In my early years as an adult of drinking age, I made terrible choices. I drank many an amaretto sour or green apple martini before eventually coming to my senses. Slowly but surely, I found my way to a small handful of cocktails that I enjoyed, were designed to be sipped slowly, and didn’t make me feel like I’d spent the evening licking a Jolly Rancher.
The bulk of this short list featured drinks made with a member of the whiskey family. Over time, I’ve also found myself gravitating towards the same array of spirits in when preserving peaches and cherries. There’s just something about those flavors that speak to me.
So, now that you know that I have something of a weakness for the world of whiskey, it will make perfect sense that today I’m writing a post about a lovely new book called Whiskey. Written by Michael Dietsch (he is also responsible for Shrubs, a most fabulous book), this volume offers its reader the history of whiskey, helpful instruction on making cocktails, and 100 pages of the most popular whiskey cocktails of all time, arrayed in chronological order.
Half compelling history and half instructional volume, this book begins with a dive into whiskey’s history (known today as distilled spirit made from a grain mash, though that wasn’t always the case) and an explanation the differences in spelling (whiskey/whisky) and where they appear geographically.
From there, Michael traces its international heritage and deals with the history of production around the world. Finally (because the first half will make you thirsty), we get to the nuts and bolts of cocktail crafting and the recipes.
It’s a wonderfully crafted book, written with skill, humor, and enthusiasm. The photography is gorgeous and the whole thing is presented in a very pretty package. If you have a family member who is a fan of whiskey (Father’s Day is just around the corner!), it would make a lovely gift (particularly if paired with a nice bottle).
Thanks to the kind folks at The Countryman Press, I have both a recipe from this book to share, and a copy to give away. The recipe is for a Whiskey Cobbler, which speaks to me thanks to the presence of berries. Here’s how to enter the giveaway.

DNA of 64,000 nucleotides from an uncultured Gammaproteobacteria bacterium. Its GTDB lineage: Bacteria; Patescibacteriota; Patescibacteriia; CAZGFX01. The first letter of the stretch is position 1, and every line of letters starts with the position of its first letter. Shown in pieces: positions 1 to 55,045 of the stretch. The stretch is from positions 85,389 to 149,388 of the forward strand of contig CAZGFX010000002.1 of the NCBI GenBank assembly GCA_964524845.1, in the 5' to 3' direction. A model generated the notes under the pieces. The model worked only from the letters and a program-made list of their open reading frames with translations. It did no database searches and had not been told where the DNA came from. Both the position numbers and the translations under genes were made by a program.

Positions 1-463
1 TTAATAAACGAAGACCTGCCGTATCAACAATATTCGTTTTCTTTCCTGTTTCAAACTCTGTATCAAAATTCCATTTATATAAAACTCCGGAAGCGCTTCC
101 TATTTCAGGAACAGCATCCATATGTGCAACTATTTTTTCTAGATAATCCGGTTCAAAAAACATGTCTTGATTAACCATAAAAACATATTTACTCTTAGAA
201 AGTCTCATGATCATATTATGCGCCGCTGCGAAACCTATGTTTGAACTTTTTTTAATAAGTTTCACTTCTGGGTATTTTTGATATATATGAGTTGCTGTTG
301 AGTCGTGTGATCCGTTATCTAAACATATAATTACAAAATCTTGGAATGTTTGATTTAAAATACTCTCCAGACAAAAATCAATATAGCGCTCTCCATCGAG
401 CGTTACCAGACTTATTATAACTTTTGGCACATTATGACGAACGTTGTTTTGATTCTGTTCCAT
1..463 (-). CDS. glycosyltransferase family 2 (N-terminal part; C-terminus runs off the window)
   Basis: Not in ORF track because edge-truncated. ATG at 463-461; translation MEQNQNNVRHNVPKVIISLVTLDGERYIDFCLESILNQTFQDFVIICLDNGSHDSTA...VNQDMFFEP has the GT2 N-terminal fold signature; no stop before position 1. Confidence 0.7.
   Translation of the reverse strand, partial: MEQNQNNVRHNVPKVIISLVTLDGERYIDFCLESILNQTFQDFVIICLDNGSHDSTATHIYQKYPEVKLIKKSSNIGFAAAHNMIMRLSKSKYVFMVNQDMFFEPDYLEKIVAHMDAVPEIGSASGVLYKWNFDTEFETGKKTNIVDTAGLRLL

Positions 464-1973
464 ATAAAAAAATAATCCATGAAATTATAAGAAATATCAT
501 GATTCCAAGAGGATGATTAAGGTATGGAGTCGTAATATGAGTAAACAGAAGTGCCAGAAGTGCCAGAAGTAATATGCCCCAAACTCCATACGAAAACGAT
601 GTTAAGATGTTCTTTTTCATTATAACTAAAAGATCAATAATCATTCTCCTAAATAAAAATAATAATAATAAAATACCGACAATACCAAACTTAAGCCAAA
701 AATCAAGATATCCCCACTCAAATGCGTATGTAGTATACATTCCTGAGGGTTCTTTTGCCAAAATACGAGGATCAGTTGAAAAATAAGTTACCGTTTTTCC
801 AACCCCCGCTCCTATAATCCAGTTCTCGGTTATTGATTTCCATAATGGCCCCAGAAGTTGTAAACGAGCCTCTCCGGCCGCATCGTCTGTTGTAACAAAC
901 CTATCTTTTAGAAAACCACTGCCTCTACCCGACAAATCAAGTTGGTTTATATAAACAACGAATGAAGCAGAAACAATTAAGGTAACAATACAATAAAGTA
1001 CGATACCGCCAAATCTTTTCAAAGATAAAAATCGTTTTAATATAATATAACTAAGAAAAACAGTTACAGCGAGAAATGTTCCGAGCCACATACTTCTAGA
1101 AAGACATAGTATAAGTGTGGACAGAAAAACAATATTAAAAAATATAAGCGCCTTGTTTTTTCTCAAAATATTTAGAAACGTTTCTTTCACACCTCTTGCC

- Leave a comment on this post that has something to do with whiskey.
- Comments will close at 11:59 pm eastern time on Saturday, May 21, 2016. A winner will be chosen at random and will be posted to the blog on Sunday, May 22, 2016.
- Giveaway open to United States and Canadian residents. Void where prohibited.
- One comment per person, please. Entries must be left via the comment form on the blog at the bottom of this post.
Disclosure: The Countryman Press sent me the copy you see pictured above for photography and review purposes, and is also providing the giveaway unit. Both are being provided at no cost to me. All opinions expressed here are entirely my own.
The cobbler is one of the oldest drinks in a bartender’s arsenal, and once upon a time, it was the most popular drink in the United States. It’s fallen from popularity somehow, and other writers (David Wondrich, in his Imbibe!, for example) have tried to resurrect it. I wish more people would try the cobbler. I had a sherry cobbler in Boston while promoting my first book, and I fell in love. The sherry cobbler, in fact, is the oldest version of the drink, arising in the 1830s. It’s a refreshing tipple—low in alcohol, icier than a julep, and very mildly fruity. The whiskey variation is, of course, a stronger, more bracing drink. But sometimes that’s what you want.
- 4 ounces rye whiskey (high-proof, like Rittenhouse)
- 1 tablespoon simple syrup
- 3 orange slices
- Berries (optional; ideally, fresh, local, and seasonal—so if you’re making this in winter,
- I wouldn’t bother)
- Crack a whole lot of ice. You want something like little pebbles. Best bet: Fill a gallon-sized zipper bag with ice, place a towel over it, and wallop it with a rolling pin, meat mallet, or saucepan.
- Fill a shaker with the cracked ice, as much as you can fit. Add the whiskey, simple syrup, and orange slices.
- Shake vigorously to combine.
- Pour unstrained into a collins glass. Add more ice if you want and stir.
- Garnish with berries, if using.
Recipe reprinted with permission from Whiskey © 2016 by Michael Dietsch, The Countryman Press.